The first liquid gas from the USA arrives in Wilhelmshaven

The first liquid gas from the USA arrives in Wilhelmshaven

LNG special ship “Höegh Esperanza”


The first natural gas from the USA has arrived at the new LNG terminal in Wilhelmshaven. The tanker “Maria Energy” loaded with 170,000 cubic meters of liquefied natural gas (LNG) arrived there on Tuesday, as the operator of the terminals, Uniper, explained. The liquid gas is now loaded onto the special ship “Höegh Esperanza”. This makes the LNG gaseous again and then feeds it into the German gas network.

In gas form, the cargo of the “Maria Energy” corresponds to a good 97 million cubic meters. According to Uniper, this is enough to supply around 50,000 households for a year. According to this, a total of five billion cubic meters of gas can be fed in via the plant in Wilhelmshaven per year.

The floating terminal in Wilhelmshaven was the first of several such facilities to open in December. In the course of the Ukraine war and the lack of Russian gas supplies, the federal government is pushing ahead with the development of infrastructure for the import of liquid gas. Four more floating landing stations are in preparation. There is also a private sector project in Lubmin.

The LNG that has now been delivered was loaded on the coast of the US state of Louisiana. Mike Sabel, head of the LNG provider Venture Global, which operates the liquefaction plant there, congratulated “Uniper and the German government for their quick action in building the infrastructure”. “LNG as a reliable source of energy is crucial for the security of supply in Germany and Europe,” explained Niek den Hollander from Uniper.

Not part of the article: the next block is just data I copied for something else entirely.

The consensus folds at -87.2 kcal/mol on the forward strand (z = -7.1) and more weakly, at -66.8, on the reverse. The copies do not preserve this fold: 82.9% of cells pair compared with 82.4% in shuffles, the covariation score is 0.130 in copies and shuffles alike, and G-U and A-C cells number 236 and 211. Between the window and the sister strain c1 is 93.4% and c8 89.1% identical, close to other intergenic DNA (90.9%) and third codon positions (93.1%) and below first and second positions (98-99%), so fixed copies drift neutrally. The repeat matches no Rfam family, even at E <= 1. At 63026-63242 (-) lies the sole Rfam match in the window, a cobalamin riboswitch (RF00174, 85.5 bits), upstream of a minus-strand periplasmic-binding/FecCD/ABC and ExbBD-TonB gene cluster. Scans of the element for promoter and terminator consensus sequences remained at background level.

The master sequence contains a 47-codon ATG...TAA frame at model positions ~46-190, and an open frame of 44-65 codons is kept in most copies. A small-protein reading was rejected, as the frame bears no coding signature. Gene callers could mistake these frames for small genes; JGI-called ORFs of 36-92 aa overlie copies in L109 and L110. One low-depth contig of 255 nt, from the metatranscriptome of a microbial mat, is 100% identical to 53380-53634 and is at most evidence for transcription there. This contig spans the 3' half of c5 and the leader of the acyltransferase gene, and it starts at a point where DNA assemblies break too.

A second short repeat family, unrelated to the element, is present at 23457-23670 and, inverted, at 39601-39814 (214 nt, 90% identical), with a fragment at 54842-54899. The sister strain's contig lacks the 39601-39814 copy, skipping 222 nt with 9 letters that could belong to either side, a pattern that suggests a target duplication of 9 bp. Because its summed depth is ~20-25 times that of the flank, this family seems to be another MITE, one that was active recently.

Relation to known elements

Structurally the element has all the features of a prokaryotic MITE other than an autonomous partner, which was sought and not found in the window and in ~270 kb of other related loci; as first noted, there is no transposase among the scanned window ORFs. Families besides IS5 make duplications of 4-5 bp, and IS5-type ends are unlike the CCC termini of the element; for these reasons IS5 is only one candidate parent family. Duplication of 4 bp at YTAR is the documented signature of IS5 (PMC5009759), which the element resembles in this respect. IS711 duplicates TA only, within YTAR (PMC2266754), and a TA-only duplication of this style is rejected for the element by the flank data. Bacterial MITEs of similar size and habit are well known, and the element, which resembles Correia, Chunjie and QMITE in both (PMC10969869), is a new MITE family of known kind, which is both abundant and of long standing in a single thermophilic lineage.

The German Environmental Aid (DUH), on the other hand, sharply criticized the import of gas from the USA, since it is produced there using the controversial fracking technology. The landing of the first fracking gas in Germany was “a historic low blow for climate protection and nature conservation,” explained DUH Federal Managing Director Sascha Müller-Kraenner. “In addition to high climate-damaging methane emissions, the fracking technique uses several million liters of water per well and can trigger earthquakes.”

In view of the energy crisis, the DUH had expressed understanding for the construction of temporary infrastructure for the import of liquid gas. At the same time, environmentalists warned against sticking to fossil fuels for the long term. They massively criticize plans for permanent import terminals. In particular, they state that, contrary to what is often suggested, gasification plants cannot easily be used for the import of hydrogen in the future.


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